Wednesday, December 14, 2011

Lucia We lose our soul, we lose our future

On Monday 12 December, Rabbi Jonathan Sacks met with Pope Benedict XVI before going on to deliver a talk at the Pontifical Gregorian University on the European crisis around the Euro, focusing on if Europe has lost it's soul.

What I hope to show in this lecture, is first, the religious roots of the market economy and of democratic capitalism. They were produced by a culture saturated in the values of the Judaeo-Christian heritage, and market economics was originally intended to advance those values.

Second, the market never reaches stable equilibrium. Instead the market itself tends to undermine the very values that gave rise to it in the first place through the process of “creative destruction.”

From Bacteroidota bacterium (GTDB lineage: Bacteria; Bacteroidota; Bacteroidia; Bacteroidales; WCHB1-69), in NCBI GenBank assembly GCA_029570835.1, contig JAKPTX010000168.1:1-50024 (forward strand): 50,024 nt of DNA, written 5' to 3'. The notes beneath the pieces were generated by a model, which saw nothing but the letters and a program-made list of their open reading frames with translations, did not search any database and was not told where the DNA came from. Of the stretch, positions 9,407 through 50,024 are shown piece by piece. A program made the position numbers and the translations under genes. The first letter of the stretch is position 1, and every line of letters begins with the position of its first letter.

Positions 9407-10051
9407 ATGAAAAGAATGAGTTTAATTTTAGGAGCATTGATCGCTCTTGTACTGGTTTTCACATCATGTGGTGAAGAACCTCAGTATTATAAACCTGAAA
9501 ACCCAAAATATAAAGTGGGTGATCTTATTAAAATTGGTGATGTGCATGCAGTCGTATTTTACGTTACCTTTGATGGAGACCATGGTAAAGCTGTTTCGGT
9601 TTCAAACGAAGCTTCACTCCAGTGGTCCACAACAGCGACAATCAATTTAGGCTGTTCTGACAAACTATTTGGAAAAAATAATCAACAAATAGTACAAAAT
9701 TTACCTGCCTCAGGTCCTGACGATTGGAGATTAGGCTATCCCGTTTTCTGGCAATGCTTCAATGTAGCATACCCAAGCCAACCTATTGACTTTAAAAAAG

Third, the future health of Europe, politically, economically and culturally, has a spiritual dimension. Lose that and we will lose much else besides. To paraphrase a famous Christian text: what will it profit Europe if it gains the whole world yet loses its soul? Europe is in danger of losing its soul.


For the task ahead of us is not between Jews and Catholics, or even Jews and Christians in general, but between Jews and Christians on the one hand, and the increasingly, even aggressively secularising forces at work in Europe today on the other, challenging and even ridiculing our faith.

If Europe loses the Judaeo-Christian heritage that gave it its historic identity and its greatest achievements in literature, art, music, education, politics, and as we will see, economics, it will lose its identity and its greatness, not immediately, but before this century reaches its end.

When a civilisation loses its faith, it loses its future. When it recovers its faith, it recovers its future. For the sake of our children, and their children not yet born, we – Jews and Christians, side-by-side – must renew our faith and its prophetic voice. We must help Europe recover its soul.